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The Disney Book Tag

disney-book-tag1I was tagged for this from Michelle over at Michelle, Books and Movies Addict. Thanks for the tag, I am a Disney lover and this was fun to do; though it did take some thinking.

1. Little Mermaid: A character who out of their element, a “fish out of water.”

This was a difficult one to come up with. I ended up choosing Jonas from The Giver by Lois Lowry. Jonas has always lived a life that was very much about being the same as everyone else and never going out of that box. Then he becomes the Receiver of Memory and his whole world is flipped on its head. He goes from being a very comfortable fish in a large school to being a fish flopping around on the shore, trying to figure out some way to survive.
2Cinderella: A character that goes through a major transformation.

This was difficult because there are so many character I love that change in a number of A1bCf-Xhe4Lways. I chose Wade from Ready Player One by Ernest Cline. Wade started off the book as a kid who was just existing, he finds the first key and his world gains purpose. He learns the importance of reality, love, friendships and standing for what you believe in.


51gBHSuI1jL._SY344_BO1,204,203,200_3. Snow White: A book with an eclectic cast of characters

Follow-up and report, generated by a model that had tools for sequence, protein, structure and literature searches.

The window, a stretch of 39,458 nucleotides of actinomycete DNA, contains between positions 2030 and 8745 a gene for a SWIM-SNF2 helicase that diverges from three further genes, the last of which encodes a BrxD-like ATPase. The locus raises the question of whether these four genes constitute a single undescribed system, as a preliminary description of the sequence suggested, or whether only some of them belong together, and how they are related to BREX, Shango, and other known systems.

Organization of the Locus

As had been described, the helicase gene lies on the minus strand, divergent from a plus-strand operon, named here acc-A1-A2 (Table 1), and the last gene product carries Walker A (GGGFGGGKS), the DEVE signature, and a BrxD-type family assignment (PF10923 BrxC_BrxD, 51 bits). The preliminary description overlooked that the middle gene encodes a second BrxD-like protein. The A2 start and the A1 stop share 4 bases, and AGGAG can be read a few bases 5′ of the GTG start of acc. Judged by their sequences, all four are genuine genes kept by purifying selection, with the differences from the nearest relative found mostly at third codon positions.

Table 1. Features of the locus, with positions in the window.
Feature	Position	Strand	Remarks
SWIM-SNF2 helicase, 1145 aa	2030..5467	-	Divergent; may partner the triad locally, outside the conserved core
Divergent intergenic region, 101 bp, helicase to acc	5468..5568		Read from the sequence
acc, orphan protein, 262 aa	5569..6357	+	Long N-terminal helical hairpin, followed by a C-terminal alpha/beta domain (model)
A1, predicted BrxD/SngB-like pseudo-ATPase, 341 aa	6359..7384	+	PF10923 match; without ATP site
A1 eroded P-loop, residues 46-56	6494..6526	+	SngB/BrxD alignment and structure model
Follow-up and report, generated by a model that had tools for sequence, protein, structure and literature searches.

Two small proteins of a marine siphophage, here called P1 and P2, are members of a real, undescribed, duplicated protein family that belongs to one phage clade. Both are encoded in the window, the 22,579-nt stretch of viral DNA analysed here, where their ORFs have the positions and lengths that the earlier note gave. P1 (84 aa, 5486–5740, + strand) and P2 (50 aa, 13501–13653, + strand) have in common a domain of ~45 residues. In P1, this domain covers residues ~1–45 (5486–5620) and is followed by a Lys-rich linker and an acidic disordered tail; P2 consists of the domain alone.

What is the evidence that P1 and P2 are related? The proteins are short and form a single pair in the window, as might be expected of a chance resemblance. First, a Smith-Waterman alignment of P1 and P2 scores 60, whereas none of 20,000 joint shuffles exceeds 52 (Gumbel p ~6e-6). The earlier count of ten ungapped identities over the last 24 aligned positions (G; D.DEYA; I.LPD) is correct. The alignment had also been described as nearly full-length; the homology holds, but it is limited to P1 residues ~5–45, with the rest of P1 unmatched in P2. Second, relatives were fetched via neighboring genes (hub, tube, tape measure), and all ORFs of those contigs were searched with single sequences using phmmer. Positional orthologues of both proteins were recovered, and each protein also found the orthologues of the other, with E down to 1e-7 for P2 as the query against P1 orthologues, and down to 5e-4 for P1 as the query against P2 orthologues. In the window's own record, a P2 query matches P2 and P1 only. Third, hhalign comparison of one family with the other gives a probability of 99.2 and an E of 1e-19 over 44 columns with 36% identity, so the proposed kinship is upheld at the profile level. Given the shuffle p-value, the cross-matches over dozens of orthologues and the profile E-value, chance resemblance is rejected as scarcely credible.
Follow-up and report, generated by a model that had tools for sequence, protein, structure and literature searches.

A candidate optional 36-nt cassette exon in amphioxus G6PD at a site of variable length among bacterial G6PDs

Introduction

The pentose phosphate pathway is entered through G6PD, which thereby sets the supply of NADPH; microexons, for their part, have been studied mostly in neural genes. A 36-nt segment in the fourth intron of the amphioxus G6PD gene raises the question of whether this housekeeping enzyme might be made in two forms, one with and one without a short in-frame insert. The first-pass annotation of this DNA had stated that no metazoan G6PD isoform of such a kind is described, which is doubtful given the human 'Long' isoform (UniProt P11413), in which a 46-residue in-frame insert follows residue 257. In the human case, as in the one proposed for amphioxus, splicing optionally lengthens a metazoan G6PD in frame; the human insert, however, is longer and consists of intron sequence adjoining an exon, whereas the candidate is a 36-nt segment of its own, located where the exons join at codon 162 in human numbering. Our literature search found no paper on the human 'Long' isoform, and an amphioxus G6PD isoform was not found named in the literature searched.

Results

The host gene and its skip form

This one was easy to come up with. I just finished The Phantom Tollbooth by Norton Juster, one of my all time favorite books. This cast of characters is wide ranging and includes a literal “watch dog,” a curious child with too much time on his hands, a cranky Humbug, and princesses who are Rhyme and Reason. There are so many different characters, all playing an important role and bringing fun and intriguing elements to the story. The cast is what makes this book so much fun to read


4. Sleeping Beauty- A book that put you to sleep

I have never been a fan of what are considered classic novels, many of them put me to sleep. But the one I have never been able to get passed chapter 3 or 4 is Little Women by Louise May Alcott. I have tried so many times to read this and have never succeeded, I just cannot relate to any part of the story and I get bored very quick every time.


5. The Lion King: A character who had something traumatic happen
them in childhood.